The show has a way of making the audience fall for “Queer baits”. I’ve notice throughout the season Castiel, the other angel who rebelled against heaven, gives Dean the same kind of unique look every time. I thought it was because that Castiel and Dean share an unbreakable friendship bond, but the audience says otherwise. I can only assume because Dean tells Castiel “…the last person who looked at me like that, I got laid” could have been the reason why people want a “Dean and Castiel” fandom. Another minor queer baiting is more incest.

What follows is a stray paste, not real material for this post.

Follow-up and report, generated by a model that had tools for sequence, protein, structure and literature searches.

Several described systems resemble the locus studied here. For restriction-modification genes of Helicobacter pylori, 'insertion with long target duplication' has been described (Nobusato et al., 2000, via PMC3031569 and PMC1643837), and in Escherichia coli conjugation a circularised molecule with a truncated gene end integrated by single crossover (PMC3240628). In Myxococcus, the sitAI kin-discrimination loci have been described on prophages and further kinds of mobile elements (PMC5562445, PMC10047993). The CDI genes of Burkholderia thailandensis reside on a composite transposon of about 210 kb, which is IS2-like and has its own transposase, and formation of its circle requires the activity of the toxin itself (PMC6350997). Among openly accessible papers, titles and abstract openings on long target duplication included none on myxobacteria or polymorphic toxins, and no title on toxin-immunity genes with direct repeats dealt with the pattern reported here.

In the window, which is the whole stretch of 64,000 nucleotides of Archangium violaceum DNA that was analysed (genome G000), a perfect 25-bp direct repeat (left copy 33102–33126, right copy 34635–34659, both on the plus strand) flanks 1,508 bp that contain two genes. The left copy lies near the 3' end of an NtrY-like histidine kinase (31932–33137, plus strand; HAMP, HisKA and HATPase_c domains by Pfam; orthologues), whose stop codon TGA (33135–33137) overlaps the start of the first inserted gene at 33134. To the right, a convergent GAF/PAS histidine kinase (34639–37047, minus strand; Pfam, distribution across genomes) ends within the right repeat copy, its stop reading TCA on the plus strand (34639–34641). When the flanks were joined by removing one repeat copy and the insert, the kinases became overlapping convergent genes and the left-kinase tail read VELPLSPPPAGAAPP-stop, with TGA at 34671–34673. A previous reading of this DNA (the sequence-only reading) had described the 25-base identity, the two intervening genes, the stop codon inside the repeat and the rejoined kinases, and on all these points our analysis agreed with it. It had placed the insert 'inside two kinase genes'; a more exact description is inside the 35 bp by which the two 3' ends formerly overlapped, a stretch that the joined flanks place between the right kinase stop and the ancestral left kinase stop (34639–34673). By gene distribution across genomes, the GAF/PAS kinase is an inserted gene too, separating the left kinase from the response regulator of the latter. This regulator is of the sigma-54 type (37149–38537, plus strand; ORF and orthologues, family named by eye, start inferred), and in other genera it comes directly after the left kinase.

The Good and The Bad Patrick Verona from “10 Things I Hate About You” (1999) and Landon Carter from “A Walk to Remember” (2002) are a few of the movie bad boys who have managed to have a change of heart after meeting girls who changed their lives. These movie bad boys have captured the hearts of their onscreen lovers and the hearts of many viewers. The explanation for the attraction and the dating of bad boys are associated to certain psychosocial concepts namely the Dark Triad Personalities, Game Changer Concept, Familiarity Concept and Alpha Concept. The term “bad boy”, as defined in Oxford Dictionaries, refers to “a man who does not conform to approved standards of behavior, especially in a particular sphere of activity.”